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Former American League Pitcher Dick Bosman recalls good chewing times when he was with the old Senators: "We had two kinds of contests, flies and peanut shells. I held the club record for flies. Shot down 10 of them one day. On rainy days we would sit on the bench and shoot at peanut shells running down the gutter in the dugout."
Gum contests are more highly organized. The Topps company, manufacturer of Bazooka gum, held a bubble-blowing tournament in 1975 with the finals on television. Pitcher Mickey Scott had won the American League West title by shaving, putting Vaseline on his face to reduce abrasion, wrapping a towel around his neck, putting his cap on backward to protect his permanent while keeping the bill out of play, holding a windbreaker up against the elements and producing a gonfalon bubble whose diameter, measured by official cardboard calipers, was 20 inches.
The bubble-blowing champion of all baseball that year was Infielder Kurt Bevacqua, now in the minors, who swears he keeps his gum in a little metal safe, "like you buy at the five-and-ten." with an air freshener inside. "It keeps just right," he says.
Gum can also enter less innocently into baseball's give-and-take. Andy Seminick, the old catcher, used to stick a wad of gum onto his thumb, shake hands with someone and rub it forcibly into the hairs on the back of the hand, from which it could be removed only with some pain. Pepper Martin used to do the same thing. It is tobacco, however, that is most often used aggressively, especially against white shoes.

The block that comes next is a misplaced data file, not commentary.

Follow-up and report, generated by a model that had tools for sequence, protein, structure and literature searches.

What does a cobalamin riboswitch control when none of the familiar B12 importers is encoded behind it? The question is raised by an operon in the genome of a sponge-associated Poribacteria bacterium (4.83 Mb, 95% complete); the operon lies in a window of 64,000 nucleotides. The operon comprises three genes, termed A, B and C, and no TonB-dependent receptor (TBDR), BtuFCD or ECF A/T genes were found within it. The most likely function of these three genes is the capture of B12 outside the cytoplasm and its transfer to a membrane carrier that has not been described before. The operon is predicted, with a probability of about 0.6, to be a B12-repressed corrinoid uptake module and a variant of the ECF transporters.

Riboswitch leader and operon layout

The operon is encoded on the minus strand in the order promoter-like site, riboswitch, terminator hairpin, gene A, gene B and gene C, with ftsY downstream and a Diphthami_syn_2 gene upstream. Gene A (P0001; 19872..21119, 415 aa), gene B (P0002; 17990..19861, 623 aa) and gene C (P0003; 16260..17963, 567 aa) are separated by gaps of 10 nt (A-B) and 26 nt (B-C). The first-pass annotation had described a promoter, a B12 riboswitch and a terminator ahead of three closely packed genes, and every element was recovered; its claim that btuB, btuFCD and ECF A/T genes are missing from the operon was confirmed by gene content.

"Rocky is very good on accuracy," says Tom Morgan of Bridges. "He's one of the best on shoes. He has what we call a soft wad. You don't feel it when he spits on your shoes."
"Aw, no," says Rocky modestly. "Some guys can drown a dime. I'm just sloppy big. I'm not an accuracy star. And I've got the shirts to prove it. Tattletale brown. Thank God for the new polyesters."
Johnny Mize used to put chaws he was finished with into other people's pockets. Then he would let them dig them out as best they could.
"Peanuts Lowrey was always a great chewer," says former Catcher Clay Dalrymple. "When I was with the Phillies we were giving hotfoots one night, and I think he kind of set me up. He had his foot up on one of the dugout steps and he was kind of leaning forward with his elbow on one knee. I snuck up behind him to give him a hotfoot. As I reached in between his legs to light him, he had a big load of tobacco ready for me and he really caught me on the hand. Man. he laughed like hell."
"It's an unwritten law," says Pitcher Steve Renko, "that you are permitted to spit on the shoes but not on the uniform. More often you pick out a target such as ants and spiders."
What happens when insects are hit?